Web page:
In fact, they estimated that the likelihood of the DNA coming from anyone other than Burgess was ‘smaller than one in a billion’.
Rock solid proof.
Police suspected that in the chaos of the pioneering blood screen back in the ’60s, Burgess had got someone else to give his sample, or the blood had been incorrectly labelled.
Either way, a mistake had left Burgess free to kill again.
But would a jury believe it? In June 2012, a bored looking Burgess, now greying and overweight, began a new trial at Reading Crown Court. The jury were told to disregard his conviction for the murder of the nine-year-old girls.
His defence, Mr Bennathan QC told the jury, ‘Do not start off being so horrified that the man standing over there is a double child murderer. The temptation is just to say we know he’s a monster, we know he killed them [Jeanette Wigmore and Jacqueline Williams], he must have killed someone else. Life is more complicated than that.’
As for the new DNA match, he told the jury not to be ‘blinded by science’. After all, hadn’t it been wrong back in the ’60s?
But times had moved on, and this jury trusted technology. After 45 long, painful years, David Burgess was convicted of Yolande’s murder in July 2012.
The now three-times convicted killer was jailed for an additional life term, and ordered to spend a minimum of 27 years in prison.
Burgess, 65, checked his watch and sighed loudly as he was told he’d be locked up until he was at least 92 years old.
As he was led from court, he laughed loudly, the final petulant act of a heartless old man.
After nearly half a century, Yolande’s family and the residents of Beenham finally have answers.
Three girls died, an idyllic village was changed for ever, but Burgess is paying the full price for his evil debauchery at last.
https://www.pressreader.com/uk/real-people/20190221/281547997161066
« Last Edit: April 04, 2020, 11:46:31 PM by Nicholas »
A Lie Can Travel Halfway Around the World While the Truth Is Putting On Its Shoes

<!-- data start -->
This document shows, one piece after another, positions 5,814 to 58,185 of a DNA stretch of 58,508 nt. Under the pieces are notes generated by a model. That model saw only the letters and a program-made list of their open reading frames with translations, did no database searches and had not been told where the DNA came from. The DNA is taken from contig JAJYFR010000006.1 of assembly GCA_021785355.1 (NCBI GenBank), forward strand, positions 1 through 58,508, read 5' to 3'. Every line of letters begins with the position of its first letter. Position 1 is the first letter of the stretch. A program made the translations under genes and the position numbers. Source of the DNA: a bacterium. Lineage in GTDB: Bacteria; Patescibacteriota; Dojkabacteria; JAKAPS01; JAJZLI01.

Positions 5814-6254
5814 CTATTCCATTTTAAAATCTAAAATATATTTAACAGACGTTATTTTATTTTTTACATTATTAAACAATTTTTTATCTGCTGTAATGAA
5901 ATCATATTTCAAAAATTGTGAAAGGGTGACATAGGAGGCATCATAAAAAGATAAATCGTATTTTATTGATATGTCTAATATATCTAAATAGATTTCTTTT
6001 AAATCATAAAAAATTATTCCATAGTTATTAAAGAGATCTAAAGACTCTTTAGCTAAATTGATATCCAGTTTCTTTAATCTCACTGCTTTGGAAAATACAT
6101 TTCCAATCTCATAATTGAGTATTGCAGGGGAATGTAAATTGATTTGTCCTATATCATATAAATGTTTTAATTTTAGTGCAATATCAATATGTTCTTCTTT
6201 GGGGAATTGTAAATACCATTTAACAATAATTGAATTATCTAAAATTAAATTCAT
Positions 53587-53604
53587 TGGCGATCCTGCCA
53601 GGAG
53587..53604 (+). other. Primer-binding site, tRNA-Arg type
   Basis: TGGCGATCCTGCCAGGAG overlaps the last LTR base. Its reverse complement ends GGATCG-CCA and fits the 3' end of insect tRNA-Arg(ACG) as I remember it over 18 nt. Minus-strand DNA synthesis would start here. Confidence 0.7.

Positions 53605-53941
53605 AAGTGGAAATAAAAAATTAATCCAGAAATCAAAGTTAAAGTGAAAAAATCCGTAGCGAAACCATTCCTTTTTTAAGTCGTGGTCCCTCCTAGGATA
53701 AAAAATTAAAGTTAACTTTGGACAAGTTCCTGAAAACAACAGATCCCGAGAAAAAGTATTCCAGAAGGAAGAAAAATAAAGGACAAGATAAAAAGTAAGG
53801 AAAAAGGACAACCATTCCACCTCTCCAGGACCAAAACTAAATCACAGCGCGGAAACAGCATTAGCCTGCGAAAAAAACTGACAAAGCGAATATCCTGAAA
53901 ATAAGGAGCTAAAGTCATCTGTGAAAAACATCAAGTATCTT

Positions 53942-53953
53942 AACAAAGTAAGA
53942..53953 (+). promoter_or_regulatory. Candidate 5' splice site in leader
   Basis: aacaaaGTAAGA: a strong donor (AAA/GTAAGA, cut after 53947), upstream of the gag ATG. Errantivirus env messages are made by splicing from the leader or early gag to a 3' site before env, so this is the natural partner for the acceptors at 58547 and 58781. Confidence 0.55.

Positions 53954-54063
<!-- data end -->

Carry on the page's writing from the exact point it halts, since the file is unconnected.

Offline Nicholas

Re: Barry George revisited.
« Reply #1090 on: April 05, 2020, 10:56:00 AM »

Mick Geen
@J4BenGeen
Such valuable work for the wrongly convicted-
@Madocwales
 has spent more than 30yrs representing individuals who have suffered miscarriages of justice-Next month & in recognition of his work in this field Glyn Maddox will be made an honorary Queen’s Counsel.

Glyn Maddocks: Criminal justice won’t face up to miscarriages
‘The long-serving campaigner for historic appeals fears that the commission is too weak to right past wrongs, he tells Catherine Baksi

“In every other walk of life, if something goes wrong an independent inquiry looks into failures and errors - the criminal justice system doesn’t”

https://www.thetimes.co.uk/article/glyn-maddox-criminal-justice-wont-face-up-to-miscarriages-dj2v7gz2w

Hanksoff03
@hanksoff03
So happy that Glyn`s (
@Madocwales ) incredible work is being recognised.His dedication2the whole cause of wrongful convictions is remarkable+I will never be able2thank him enough for all the help given in our fight for http://RobinGarbuttOfficial.com. A truly lovely, lovely gentleman x


Glyn Maddocks, ‘A truly lovely, lovely gentleman’, - and it appears an ideal ‘target’ for a con artist

’Criminal justice won’t face up to miscarriages’ or -

those working within the ‘miscarriage of justice/wrongful conviction’ arena won’t face up to having been conned/getting it wrong

Paul Blackburn has yet to ‘clear his name’

https://www.gettyimages.ae/detail/video/paul-blackburn-appeal-against-attempted-murder-conviction-news-footage/680863732

https://www.gettyimages.co.uk/detail/video/paul-blackburn-appeal-against-attempted-murder-conviction-news-footage/680863594

And whilst Glyn Maddocks may well be ‘a lovely, lovely gentleman’ he’s no more immune to being duped than the rest of us.

https://www.gettyimages.ae/detail/video/paul-blackburn-appeal-against-attempted-murder-conviction-news-footage/680863732

Would be interested to hear what lessons, if any, Glyn Maddocks learned following the exposure of David Burgess’s guilt?

David Burgess is clearly a psychopath who had confessed to murder whilst in prison yet Glyn Maddocks stated,

“Again, the evidence against him at the time was not particularly strong,"

“But in those days, it was very unusual to challenge a conviction, and he has always found it very difficult to articulate his position”


Paul Blackburn confessed:

He ‘dropped his head and began to cry. He said "Yes, it was me -- give me a minute"

and he had ‘form’ for ABH on two 9 year old boys

Excerpts
REGINA V BLACKBURN (Paul)

13. Then on 21st July 1978, DCI White and DI Marsh returned to Red Bank school to interview the appellant again. By now the officers had information about an apparently somewhat similar attack at Irlam involving the appellant two years before.

14. He was questioned about discrepancies between his statements and between his statements and those of others. Then the officers went on to refer to the Irlam events in 1976, when the appellant and another boy had been convicted of actual bodily harm on two nine year old boys. It was now said to the appellant that the incident had gone beyond a physical assault and had involved forcing the two boys to suck each other's penis and to try to commit buggery with each other. The appellant was told that the police now had statements from the two boys and another boy who witnessed it.